Director's Cut: Antonio Banderas

Director's Cut: Antonio Banderas

A vision is nothing without direction. Here, a slate of this season's biggest projections, as chosen by close collaborators and superfans.

A vision is nothing without direction. Here, a slate of this season's biggest projections, as chosen by close collaborators and superfans.

Photography: Greg Gorman

Two legends reunited. Antonio Banderas and Pedro Almodóvar once again join forces in Pain and Glory which opens October 4th. Recently, the two men sat down to discuss their past collaboration, the growth they've both experienced since then, and the importance of being honest in your art.

PEDRO ALMODÓVAR: Ever since meeting in the early ’80s, I’ve been attracted to Antonio Banderas’s talent; he is passion and desire incarnate. His intensity borders on madness. In The Skin I Live In, I was pulled towards his attractive[ness], even as [his character became] an absolute monster. There is something innately epic about Antonio. [But] Pain and Glory called for the exact opposite: small gestures, weakened voice, and dry emotion expressed only in the eyes. In those eyes, I wanted the audience to see Salvador Mallo’s profound pain. I asked [him to] portray that and more, while doing the absolute minimum. To see Antonio succeed in this task was a true spectacle.

ANTONIO BANDERAS: It’s a beautiful [thing] to answer a call from Pedro Almodóvar, saying, “I want to send you a script.” We’ve known each other for 40 years, and made eight movies together. But when I read Pain and Glory, the question that came to mind was, Why? Why me to play Salvador Mallo?

There were 22 years between The Skin I Live In and the collaboration before it. Then, I’d wanted to show him how much [I’d accomplished] in America—this suitcase of experiences! But [Almodóvar] was like, “I’m not interested in [that]. I want to know who you are, behind these [accolades] you’re [listing].” Instead of listening, I kind of [took him to task]. I thought, This is a power play. It was kind of tense. But the first time I saw myself as that character on screen, I was amazed by Pedro’s capacity to bring that out—[something] I didn’t know I had. [After that lesson in] humility, I knew to have my eyes and ears open when working with [him].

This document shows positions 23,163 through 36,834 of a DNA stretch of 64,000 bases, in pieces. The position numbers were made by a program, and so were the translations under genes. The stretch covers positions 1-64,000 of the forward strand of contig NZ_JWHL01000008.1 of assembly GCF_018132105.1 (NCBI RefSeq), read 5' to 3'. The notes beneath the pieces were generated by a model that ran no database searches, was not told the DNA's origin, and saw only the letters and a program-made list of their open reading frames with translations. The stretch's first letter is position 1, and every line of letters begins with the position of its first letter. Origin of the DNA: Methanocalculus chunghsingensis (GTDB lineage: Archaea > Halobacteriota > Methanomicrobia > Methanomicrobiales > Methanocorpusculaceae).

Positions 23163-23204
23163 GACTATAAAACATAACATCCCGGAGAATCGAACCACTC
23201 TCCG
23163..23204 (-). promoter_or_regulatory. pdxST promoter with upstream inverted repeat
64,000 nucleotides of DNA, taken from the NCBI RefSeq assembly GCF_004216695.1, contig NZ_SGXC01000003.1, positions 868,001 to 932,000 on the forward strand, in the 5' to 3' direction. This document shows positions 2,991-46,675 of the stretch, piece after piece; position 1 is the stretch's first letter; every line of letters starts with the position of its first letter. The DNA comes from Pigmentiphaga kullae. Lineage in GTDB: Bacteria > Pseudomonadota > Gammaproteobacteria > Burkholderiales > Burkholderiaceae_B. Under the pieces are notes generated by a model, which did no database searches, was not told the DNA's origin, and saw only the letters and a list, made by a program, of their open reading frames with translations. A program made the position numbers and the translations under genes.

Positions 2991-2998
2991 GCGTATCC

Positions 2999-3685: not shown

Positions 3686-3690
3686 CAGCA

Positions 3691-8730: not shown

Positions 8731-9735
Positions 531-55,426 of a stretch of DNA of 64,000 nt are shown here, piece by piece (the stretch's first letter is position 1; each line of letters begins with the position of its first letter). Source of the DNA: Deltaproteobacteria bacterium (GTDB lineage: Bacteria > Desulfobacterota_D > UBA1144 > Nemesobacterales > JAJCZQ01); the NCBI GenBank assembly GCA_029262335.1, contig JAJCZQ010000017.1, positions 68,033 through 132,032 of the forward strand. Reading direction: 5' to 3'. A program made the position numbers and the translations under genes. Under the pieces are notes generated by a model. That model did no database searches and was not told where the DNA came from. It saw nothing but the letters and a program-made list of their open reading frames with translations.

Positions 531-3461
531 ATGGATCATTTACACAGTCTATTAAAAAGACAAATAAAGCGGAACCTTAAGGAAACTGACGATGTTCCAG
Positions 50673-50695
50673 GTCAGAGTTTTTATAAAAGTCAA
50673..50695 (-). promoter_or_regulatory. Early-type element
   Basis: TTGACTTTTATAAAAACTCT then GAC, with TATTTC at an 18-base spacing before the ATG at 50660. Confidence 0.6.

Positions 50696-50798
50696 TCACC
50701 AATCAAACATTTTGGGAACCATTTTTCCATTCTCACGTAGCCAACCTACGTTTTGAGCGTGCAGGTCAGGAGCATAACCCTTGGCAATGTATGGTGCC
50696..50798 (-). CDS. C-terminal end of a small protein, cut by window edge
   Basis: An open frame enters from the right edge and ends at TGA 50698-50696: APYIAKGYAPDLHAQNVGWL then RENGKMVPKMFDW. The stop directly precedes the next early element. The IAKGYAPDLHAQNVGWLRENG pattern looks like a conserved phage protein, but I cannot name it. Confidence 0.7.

That’s exactly what I did on [Pain and Glory]—start from zero, as a clean slate. For the first few rehearsals, I felt really naked—not using any of the tools I’d been using for many years. What helped me, in a way, was the fact that I’d had a heart attack two and a half years earlier. That may sound unbelievable, but it’s true; it forced me to reflect very deeply. When you realize that death is the only certainty, there is no space for stupidity, just the truth. In my [life] as an actor, that’s the pressure of being in front of a camera, [the feeling] when the curtain goes up. Tasting that again was extraordinarily satisfying.

[It was] a new way of acting, and of seeing reality. And I saw Almodóvar coming to terms as well. The [story] is a simple one, but he [has everything] to do with it; it’s him reconciling his past, in a very extraordinary way. For 40 years, I’ve known Pedro Almodóvar to be a very private person. [But] I think he and I [rediscovered] each other when we could be honest and real. I must say, it was the best time I’ve ever had with Almodóvar.

PAIN AND GLORY OPENS OCTOBER 4

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